One stranded family was rescued by climbing through a window of their home into the bucket of a farmer’s tractor.
And in Cardiff, staff at a care company watched as the contents of their flooded office was loaded into a tipper lorry and taken to the dump.
The River Wye reached its highest levels on record on Monday, peaking at more than six meters, with the EA describing levels as “exceptional”.
And today the River Trent peaked today at just below four meters – breaking another record.
Severe flood warnings have been issued for the River Severn at Upton upon Severn and Uckinghall, the River Wye at Hereford and Hampton Bishop, the River Trent at Burton upon Trent and the River Lugg at Hampton Bishop.
As temperatures rise, the atmosphere can hold more water so downpours are more intense – 7 per cent more for every degree celsius temperature increase – so flooding will increase. We are currently in a national emergency.
In Wales, there are two severe warnings in place on the River Wye at Monmouth – where homes have been evacuated and people have been urged to limit water use due to the flooding.
Today Brits can expect another windy day with some sunshine and heavy showers.
Hilly spots might see some snowy showers with hail and thunder, as the temperature feels chilly.
Boris Johnson has faced calls to chair a meeting of the Government’s emergency committee Cobra to tackle the flooding crisis.
Superintendent Sue Thomas, the Local Policing Commander for Herefordshire and head of the emergency flooding response team, said: “We still very much in an emergency phase.
“Whilst the rivers going through Hereford city have gone down significantly, we are still concerned about the River Lugg and River Wye towards Symonds Yat so there’s still a lot to do.”
Met Office meteorologist Marco Petagna said of today’s weather: “There’s more persistent rain coming on Wednesday.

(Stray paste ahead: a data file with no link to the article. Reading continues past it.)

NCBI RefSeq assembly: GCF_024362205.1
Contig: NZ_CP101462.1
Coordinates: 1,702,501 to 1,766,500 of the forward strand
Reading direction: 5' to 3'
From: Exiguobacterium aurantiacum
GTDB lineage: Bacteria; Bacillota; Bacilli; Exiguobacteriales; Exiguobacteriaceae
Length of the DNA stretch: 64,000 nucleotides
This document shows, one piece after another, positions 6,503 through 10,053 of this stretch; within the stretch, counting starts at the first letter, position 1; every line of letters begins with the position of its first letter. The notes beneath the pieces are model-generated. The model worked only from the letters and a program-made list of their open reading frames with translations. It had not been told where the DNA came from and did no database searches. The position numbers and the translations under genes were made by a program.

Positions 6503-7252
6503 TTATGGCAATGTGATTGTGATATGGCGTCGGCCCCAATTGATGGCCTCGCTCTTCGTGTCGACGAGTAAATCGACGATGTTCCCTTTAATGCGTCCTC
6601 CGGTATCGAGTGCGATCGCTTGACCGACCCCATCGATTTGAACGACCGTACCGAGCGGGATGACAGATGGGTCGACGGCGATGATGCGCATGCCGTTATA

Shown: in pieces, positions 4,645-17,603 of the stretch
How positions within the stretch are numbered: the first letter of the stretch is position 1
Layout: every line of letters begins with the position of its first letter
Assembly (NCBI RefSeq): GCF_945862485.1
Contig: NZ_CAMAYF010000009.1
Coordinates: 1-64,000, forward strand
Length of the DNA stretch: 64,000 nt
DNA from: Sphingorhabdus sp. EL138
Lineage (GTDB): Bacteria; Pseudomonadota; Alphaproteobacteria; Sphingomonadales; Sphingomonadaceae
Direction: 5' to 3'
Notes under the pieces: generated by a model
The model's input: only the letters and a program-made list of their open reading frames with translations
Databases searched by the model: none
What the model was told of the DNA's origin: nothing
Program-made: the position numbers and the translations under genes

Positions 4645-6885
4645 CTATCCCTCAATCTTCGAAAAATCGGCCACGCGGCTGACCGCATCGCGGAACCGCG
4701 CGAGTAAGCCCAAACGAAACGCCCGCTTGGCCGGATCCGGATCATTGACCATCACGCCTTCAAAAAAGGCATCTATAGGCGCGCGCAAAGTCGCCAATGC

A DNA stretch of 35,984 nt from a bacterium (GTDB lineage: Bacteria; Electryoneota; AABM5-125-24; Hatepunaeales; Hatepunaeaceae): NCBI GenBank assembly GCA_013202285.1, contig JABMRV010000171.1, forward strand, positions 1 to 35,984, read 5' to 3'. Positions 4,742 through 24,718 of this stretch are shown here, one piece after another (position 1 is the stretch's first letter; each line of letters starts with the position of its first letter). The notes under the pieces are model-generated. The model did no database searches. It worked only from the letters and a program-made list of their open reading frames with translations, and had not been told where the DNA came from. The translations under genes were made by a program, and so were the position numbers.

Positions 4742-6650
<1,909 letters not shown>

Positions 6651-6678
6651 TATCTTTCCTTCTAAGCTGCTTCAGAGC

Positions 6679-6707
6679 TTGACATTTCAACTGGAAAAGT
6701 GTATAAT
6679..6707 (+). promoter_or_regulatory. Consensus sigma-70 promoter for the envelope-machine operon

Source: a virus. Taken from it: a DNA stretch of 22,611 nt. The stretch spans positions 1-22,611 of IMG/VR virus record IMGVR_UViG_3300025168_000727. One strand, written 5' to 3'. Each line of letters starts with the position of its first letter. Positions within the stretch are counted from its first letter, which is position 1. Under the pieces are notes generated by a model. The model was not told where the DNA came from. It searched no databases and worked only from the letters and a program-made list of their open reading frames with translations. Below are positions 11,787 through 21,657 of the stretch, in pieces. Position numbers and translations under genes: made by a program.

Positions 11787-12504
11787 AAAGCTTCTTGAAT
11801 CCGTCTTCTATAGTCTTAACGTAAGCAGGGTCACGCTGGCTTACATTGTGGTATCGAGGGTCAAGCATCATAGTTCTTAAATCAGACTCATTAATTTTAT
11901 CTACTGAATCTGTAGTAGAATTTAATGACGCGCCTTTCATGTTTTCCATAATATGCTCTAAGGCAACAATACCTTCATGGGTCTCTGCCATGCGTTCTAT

“There will be wet and windy weather across the UK on Wednesday and Thursday, with the heavy rain coming back.”
Flood resilience expert warns people to protect mental health over homes
As hundreds of homes are evacuated amid severe flood warnings, a flood resilience expert from Kingston University is warning people facing imminent floods to protect their mental health as well as their property.
Dr Tim Harries, senior research fellow at Kingston Business School, said: “It’s extremely stressful to stay in your home and watch the water come rushing in, so you should do what you can to protect your home and move possessions out of reach of the water – but then get out.
“You should prioritize the most precious items – those with emotional value that cannot be replaced, such as photo albums or a child’s favorite teddy bear.”
Paul Mason, group manager of South Wales Fire and Rescue Service, said the scene his team had faced over the weekend was the worst he had experienced in his – year career.
He said: “This weather is unprecedented We haven’t seen this, it’s incredible, and it’s right throughout the South Wales Valleys.
“In my 200 years in the service this is the worst I’ve ever seen. I’ve never experienced anything like this before. “
And as Brits try to recover from the flooding danger, there are already fears that another storm – Storm Ellen – is brewing.